“Police are powerless”: Prop 47 revisited, critiqued by CA law enforcement analyst

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Mark Powell posits in Times of San Diego that Prop 47, passed a decade ago to downgrade certain property crimes from felonies to misdemeanors, has created a serious case of crime and (virtually) no punishment. Despite its kind intentions, Powell says Prop 47 has stuck the knife in innocent citizens, retailers, and police. Many local leaders—like SF/SJ mayors Breed and Mahan—are rethinking CA’s flimsy criminal justice approach, after seeing their areas get trashed and overrun by lawlessness.

This proposition, approved by voters in 2014, makes it almost impossible to incarcerate shoplifters and thieves. Proposition 47 it is a failed experiment in criminal justice reform that needs to be changed so we can put a stop to property crime.

It was intended to keep non-violent criminals out of crowded prisons and treat low-level criminals with more compassion. Among other things, the law more than doubled the amount a suspect could steal before facing a felony — from $450 to $950. Although theft is still illegal, shoplifting is considered a low-level property crime under Proposition 47.

As part of the bill, shoplifters must steal over $950 worth of goods to be charged with a felony. Penalties for drug possession and writing bad checks were also reduced. The intent of the law is admirable, but the unintended consequences are a public safety disaster for San Diego residents and store owners.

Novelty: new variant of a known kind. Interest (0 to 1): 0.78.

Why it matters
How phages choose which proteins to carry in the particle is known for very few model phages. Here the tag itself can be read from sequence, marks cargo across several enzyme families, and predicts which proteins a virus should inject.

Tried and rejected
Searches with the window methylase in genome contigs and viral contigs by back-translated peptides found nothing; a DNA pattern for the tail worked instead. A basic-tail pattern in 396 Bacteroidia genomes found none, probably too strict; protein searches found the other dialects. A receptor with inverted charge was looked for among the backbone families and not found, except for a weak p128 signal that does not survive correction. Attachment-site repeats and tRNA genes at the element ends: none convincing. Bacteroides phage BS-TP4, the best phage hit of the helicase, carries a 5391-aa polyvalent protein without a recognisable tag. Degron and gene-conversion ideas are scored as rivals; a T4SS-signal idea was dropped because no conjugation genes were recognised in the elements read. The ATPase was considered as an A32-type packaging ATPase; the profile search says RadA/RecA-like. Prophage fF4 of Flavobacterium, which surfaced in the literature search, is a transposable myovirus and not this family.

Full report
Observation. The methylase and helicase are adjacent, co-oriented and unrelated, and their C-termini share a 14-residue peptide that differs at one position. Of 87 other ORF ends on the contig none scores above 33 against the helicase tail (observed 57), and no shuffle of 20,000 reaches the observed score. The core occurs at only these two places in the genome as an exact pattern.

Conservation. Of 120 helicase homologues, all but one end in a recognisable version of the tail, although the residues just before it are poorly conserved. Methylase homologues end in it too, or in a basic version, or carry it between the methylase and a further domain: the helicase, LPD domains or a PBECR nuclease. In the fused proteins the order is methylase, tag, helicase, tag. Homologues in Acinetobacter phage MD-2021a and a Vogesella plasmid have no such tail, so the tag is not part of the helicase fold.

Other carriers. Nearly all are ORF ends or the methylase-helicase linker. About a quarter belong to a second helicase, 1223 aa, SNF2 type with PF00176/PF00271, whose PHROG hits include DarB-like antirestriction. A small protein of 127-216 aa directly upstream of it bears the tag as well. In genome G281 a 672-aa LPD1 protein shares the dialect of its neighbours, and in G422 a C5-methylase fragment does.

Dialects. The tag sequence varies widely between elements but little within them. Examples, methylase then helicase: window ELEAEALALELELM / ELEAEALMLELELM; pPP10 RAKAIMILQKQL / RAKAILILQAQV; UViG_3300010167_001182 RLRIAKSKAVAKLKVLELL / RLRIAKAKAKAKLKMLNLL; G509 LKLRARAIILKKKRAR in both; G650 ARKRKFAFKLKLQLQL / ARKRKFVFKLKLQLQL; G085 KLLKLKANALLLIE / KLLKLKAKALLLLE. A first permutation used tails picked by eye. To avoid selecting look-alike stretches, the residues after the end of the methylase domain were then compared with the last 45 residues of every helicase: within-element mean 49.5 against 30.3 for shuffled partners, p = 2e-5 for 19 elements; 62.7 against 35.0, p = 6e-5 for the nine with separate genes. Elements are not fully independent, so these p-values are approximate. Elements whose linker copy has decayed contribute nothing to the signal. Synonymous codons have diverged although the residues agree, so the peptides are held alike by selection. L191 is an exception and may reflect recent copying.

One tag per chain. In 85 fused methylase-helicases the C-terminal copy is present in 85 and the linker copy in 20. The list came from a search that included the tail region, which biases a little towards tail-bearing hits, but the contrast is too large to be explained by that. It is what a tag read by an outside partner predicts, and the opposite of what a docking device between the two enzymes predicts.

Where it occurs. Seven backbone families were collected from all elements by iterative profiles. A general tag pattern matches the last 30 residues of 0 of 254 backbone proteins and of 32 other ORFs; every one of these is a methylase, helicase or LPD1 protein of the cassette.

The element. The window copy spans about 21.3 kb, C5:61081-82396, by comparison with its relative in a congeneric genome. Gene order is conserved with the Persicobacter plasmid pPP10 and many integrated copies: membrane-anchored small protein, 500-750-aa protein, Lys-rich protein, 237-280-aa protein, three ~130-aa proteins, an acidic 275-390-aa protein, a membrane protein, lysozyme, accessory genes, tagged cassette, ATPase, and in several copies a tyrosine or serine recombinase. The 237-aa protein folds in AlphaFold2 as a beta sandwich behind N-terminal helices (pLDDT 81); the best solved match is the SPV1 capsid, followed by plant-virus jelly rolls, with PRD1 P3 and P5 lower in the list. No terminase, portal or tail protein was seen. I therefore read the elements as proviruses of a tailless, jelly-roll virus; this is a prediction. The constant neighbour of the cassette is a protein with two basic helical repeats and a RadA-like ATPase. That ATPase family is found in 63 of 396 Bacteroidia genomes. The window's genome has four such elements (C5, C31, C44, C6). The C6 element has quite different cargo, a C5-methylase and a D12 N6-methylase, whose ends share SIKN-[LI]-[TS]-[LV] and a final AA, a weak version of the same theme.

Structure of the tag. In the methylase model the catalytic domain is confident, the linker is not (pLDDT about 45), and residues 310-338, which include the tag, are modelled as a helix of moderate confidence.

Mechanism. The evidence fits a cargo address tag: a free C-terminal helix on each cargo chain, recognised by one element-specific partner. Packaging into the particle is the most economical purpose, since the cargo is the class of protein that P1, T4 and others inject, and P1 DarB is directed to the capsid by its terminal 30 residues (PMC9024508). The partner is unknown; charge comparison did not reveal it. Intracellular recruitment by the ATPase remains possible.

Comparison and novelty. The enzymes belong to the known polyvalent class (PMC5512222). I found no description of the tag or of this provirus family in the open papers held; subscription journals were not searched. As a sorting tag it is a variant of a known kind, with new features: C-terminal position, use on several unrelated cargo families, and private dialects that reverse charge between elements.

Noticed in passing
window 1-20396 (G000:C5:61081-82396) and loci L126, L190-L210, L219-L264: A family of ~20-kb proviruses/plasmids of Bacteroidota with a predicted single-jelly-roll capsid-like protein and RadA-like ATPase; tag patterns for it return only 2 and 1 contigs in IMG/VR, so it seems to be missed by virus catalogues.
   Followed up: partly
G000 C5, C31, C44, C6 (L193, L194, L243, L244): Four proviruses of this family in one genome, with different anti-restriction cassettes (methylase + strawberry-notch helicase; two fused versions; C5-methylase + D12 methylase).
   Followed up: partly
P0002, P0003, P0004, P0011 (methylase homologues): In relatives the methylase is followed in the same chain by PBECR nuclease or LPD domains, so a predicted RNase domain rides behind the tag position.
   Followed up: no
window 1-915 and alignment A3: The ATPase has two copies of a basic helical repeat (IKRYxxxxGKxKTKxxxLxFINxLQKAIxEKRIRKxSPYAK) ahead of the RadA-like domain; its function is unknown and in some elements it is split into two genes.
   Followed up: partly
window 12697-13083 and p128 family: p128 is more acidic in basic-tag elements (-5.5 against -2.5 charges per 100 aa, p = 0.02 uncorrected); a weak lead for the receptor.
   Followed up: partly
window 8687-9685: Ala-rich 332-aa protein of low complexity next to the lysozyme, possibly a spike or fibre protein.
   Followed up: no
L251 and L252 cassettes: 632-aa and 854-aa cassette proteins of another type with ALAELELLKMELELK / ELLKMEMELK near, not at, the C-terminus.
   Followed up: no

With recent calls to defund the police and a rise in violent crimes, shoplifters have become emboldened, because they know they can steal with impunity. And theft is not limited to retail stores; neighborhoods and communities throughout the state are also feeling the effects of this flawed piece of legislation.

Many areas of San Diego have functioning neighborhood watch programs. Neighborhood watch empowers citizens to become active in the fight against crime. However, as the name implies, neighbors are merely “watching” criminals steal while police are powerless to make arrests due to Prop. 47 and the lack of law enforcement resources.

Proposition 47 has bolstered criminals because they know that if they are caught stealing the consequences are minimal, which has resulted in an increase in theft. In fact, thieves are walking out of stores without paying for merchandise while store clerks stand by and watch.

Since a growing number of retailers have implemented do-not-engage or confront policies, many shoplifting crimes are not even consistently reported. Consequently, San Diego’s crime statistics may not reflect the true number of property crimes being committed.

This article originally appeared in Times of San Diego. Read the whole thing here.


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